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Publication Details

Klein, Naomi (2000) No Logo. Flamingo: GB : 1-490.

Gaby Wood
Sunday November 12, 2000
The Observer

Imagine a world designed by Disney, marketed by Nike, and described by Franz Kafka. When you wake up in this world, you think you are putting your clothes and shoes on, grabbing a coffee, getting in your car and filling it up with petrol; you think you are switching on your computer when you get to work and maybe having a cigarette or a soft drink at about 11. But you are sadly mistaken.
What you are actually doing is buying into a lifestyle, having a 'deep emotional connection' with fitness or coffee. Of course, the clothes, the car, etc. really exist, but the plane on which you are experiencing them is a higher one, of ideas and aspirations. And behind the scenes of this enclosed, almost sci-fi universe of concepts and intangibilities is another, horrific one, in which you are exploiting people in sweatshops as you put on your shoes, working them to their deaths, and you are supporting the murder of a Nobel Peace Prizewinner as you fill up your car. We are all already living in this world. And for many the only way out seems to be to listen to Naomi Klein.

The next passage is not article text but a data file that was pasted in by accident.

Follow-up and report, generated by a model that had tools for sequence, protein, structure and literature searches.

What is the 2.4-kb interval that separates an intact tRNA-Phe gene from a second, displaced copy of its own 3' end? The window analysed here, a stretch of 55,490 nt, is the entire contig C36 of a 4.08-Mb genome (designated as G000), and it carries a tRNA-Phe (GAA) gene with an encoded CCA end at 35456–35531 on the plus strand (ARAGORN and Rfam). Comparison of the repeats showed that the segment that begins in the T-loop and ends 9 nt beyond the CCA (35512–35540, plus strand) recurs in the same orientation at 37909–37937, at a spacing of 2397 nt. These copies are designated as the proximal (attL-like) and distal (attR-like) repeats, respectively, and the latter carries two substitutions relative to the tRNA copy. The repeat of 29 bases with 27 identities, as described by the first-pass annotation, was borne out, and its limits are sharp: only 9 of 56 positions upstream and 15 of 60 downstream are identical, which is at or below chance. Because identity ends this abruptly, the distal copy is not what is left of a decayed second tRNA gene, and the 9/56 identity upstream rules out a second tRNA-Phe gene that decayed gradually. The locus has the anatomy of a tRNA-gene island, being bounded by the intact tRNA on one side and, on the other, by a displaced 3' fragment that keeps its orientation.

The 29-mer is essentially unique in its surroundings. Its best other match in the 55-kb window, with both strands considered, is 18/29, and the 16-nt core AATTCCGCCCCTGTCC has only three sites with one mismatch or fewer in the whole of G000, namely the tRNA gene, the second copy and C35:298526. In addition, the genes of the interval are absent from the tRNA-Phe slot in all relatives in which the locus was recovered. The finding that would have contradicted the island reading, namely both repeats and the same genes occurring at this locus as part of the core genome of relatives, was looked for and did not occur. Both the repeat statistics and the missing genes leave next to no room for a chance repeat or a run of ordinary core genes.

Klein is the 30 year-old author of No Logo, a book which came out in Britain at the beginning of this year to rapturous reviews, and which has since developed a life of its own. It has been called a manifesto, 'the Das Kapital of the growing anti-corporate movement', and it set out to document the aims and rationale of the group that demonstrated at Seattle and Prague, before those events had even happened. Over the course of this year, No Logo has had a burgeoning, massive success, recommended by word of mouth; all over the world, people are sending loop emails to their friends, telling them how it has changed their life, how something they had felt but not understood has suddenly become clear. Klein now gives talks so often she jokes that she'll 'never write again', though she has a regular column in Canada's national newspaper, The Globe and Mail . This week she is in England, and speaking publicly every night. However, she rejects the idea that No Logo is a manifesto.

'There is no Das Kapital for the anti-corporate movement,' she says. 'One of the best things about this movement is that no one is handing down a manifesto from on high.' Klein is extremely articulate both in writing and in conversation, but even so, in order to understand her and understand what's going on, you have to be able to embr